Analyzing an OEM part is usually our first step in creating a new performance part. We’ve been looking at the Mazda 2.5l SkyActiv-G Exhaust Header, and I wanted to bring you all along for the ride. It’s surprisingly complex for an OEM manifold/header and some serious engineering went into it.
If you’ve been paying attention to the CorkSport channels, you may have seen rumors here and there of a race header for the GEN3 Mazda 3 and Mazda 6 2.5L. While I can’t say too much on that just yet, but I can give you a breakdown of the OEM exhaust header that’s hiding in the back of your engine bay.
The OEM Exhaust Header
Excuse the dirty part, as this OEM header has had a hard life! I imagine many of you have not seen the stock header as it’s in the back of your engine bay surrounded by heat shields. Taking the heat shields off gives us a glimpse of the craziness that is the stock header. Mazda has gone with a true 4-2-1 design (also known as tri-y) with an integrated catalytic converter and what appears to be equal length runners. Stay with me, I’ll explain what all that means.
The image above hopefully helps you visualize the 4-2-1 design. Starting at the engine, there are four exhaust ports from the head. Each exhaust port gets its own pipe, known as a “primary”. The primaries then pair together to form two “secondaries”. Finally, the two secondaries combine into one collector pipe, in this case heading directly into the catalytic converter. The three unions or “y’s” are where the tri-y name comes from. The 4-2-1 design was chosen by Mazda for a very specific reason. Check out the image below and Mazda’s explanation HERE.
Essentially, using a very high compression ratio causes very high exhaust gas temperatures. If too much of this exhaust gas is leftover in the cylinders for the next combustion cycle, knocking can occur. In addition, if you have a short 4-1 header or a log-style manifold you can suck exhaust gas into a cylinder before combustion as one cylinder can be on an intake stroke while another is on an exhaust stroke (see the upper image in Mazda’s diagram).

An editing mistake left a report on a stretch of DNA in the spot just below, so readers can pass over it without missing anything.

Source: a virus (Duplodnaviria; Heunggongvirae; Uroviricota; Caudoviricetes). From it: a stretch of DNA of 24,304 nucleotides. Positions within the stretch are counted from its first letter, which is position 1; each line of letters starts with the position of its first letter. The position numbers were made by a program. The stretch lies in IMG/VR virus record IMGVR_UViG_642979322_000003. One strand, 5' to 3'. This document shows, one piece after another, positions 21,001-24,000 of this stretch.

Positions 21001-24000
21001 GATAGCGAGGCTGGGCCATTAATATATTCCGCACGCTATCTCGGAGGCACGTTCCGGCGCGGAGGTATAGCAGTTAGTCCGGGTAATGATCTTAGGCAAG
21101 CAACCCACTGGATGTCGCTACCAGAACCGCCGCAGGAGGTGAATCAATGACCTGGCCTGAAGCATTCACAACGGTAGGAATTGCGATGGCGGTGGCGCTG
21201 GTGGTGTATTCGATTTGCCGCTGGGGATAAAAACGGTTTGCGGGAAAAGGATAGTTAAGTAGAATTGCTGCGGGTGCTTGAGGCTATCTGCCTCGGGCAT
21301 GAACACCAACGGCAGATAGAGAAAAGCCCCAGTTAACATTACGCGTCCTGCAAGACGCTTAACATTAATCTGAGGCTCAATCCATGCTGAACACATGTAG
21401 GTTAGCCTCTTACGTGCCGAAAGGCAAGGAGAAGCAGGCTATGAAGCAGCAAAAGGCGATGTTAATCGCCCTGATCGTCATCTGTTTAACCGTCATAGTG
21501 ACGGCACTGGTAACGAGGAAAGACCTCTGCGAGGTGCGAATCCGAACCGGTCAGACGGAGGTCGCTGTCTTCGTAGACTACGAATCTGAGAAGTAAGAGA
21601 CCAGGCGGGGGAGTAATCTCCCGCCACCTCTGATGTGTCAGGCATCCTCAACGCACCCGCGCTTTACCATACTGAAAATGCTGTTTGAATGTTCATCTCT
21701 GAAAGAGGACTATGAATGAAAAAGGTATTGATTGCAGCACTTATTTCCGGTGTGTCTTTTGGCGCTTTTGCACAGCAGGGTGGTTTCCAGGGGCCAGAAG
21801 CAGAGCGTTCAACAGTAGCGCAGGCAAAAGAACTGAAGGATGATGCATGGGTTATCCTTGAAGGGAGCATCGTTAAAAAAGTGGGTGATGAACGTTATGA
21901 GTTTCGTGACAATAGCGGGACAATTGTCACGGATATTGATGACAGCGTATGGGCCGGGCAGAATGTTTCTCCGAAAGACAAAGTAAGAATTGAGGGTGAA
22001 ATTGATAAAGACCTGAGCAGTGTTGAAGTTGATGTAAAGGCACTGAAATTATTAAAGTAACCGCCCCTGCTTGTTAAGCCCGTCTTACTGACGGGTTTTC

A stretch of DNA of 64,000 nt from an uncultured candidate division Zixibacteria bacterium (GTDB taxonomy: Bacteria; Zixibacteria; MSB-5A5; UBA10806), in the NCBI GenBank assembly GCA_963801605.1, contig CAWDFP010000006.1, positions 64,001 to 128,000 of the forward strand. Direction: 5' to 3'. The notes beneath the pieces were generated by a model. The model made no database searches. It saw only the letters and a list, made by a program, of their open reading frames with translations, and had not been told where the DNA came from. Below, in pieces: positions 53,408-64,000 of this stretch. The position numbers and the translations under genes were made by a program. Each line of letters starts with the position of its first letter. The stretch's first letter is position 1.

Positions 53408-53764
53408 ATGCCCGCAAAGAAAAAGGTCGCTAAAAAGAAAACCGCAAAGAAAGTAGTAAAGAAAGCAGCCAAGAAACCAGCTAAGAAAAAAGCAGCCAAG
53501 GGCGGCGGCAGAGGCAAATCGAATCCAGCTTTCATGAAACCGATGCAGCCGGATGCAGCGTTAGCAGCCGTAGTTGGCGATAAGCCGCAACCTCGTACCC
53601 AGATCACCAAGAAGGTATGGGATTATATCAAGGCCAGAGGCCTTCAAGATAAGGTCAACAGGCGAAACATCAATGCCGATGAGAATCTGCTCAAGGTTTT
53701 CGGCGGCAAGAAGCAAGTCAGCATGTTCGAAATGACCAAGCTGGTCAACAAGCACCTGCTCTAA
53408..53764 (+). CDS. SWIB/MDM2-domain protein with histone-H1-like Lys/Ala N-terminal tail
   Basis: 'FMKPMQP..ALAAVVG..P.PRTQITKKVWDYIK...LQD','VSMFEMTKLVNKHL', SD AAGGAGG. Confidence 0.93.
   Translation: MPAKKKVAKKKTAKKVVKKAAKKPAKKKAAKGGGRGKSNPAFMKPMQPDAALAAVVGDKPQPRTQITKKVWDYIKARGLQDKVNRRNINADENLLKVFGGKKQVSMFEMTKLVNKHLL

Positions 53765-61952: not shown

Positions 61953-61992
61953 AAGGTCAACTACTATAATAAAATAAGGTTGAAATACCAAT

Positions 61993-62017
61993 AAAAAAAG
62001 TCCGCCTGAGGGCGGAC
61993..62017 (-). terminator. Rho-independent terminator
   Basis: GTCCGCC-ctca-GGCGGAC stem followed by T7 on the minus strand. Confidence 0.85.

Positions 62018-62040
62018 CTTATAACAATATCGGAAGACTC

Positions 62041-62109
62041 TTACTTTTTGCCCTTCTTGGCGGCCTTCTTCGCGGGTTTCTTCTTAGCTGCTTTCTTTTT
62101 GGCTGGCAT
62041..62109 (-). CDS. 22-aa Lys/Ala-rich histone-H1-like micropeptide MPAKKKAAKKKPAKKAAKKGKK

OEM Design Efficiency
The 4-2-1 has two benefits to fight this. First, the long length means the exhaust gas takes longer to traverse the pipes, so one cylinder sucking in another’s exhaust is drastically reduced. Second, the cylinders are paired correctly to one another (1 with 4 and 2 with 3). Since the firing order is 1-3-4-2, each secondary is receiving an exhaust pulse at a regular interval. If you paired 1 with 3 for example, you would receive two pulses quickly, and then a large gap as the other two cylinders fired. This helps with exhaust scavenging as the pulse from one cylinder helps “pull” the leftover exhaust from the cylinder it’s paired with. These benefits can also be present on a long tube 4-1 if designed well but, there is a good reason why Mazda did not choose this option.
Typically a well-designed 4-2-1 will make more power and torque in the midrange while a well-designed 4-1 will make more power way up at the top of the RPM range. Since normal driving does not involve being at the top of the RPM range all the time, it makes sense that Mazda went with the 4-2-1. We will likely do the same as we want to retain the low knock characteristics of the 4-2-1, high midrange power & torque, and because the SkyActive 2.5L is a fairly low revving engine.
It appears that Mazda also went with close to equal length runners. This means that each primary section is the same length and each secondary section is the same length. Having equal length runners ensures the exhaust pulses are arriving at the collector (or Y) at uniform intervals.
The easiest way to explain why this is a good thing is by visualizing the entrance ramp to a highway. When cars entering the highway follow the “zipper” method for merging, the cars currently on the highway do not need to slow down. The highway and entrance ramp merge and flow in a smooth and consistent rate. However, if a surge of cars come down the entrance ramp to merge onto the highway you will get a back-up of cars on the entrance ramp and will disrupt the flow of cars on the highway. If the cars are exhaust gases and the highway is the exhaust pipe, you can understand why equal length can help. Again, we will adopt this strategy with the CorkSport Race Header.
So far so good then, as Mazda has put a lot of thought into making a high-quality stock header. However, as usual, there are a few areas we can improve on. That’s coming in a later blog though so you’ll have to stay tuned for more details! Let us know if you have any questions or thoughts down below.
-Daniel @ CorkSport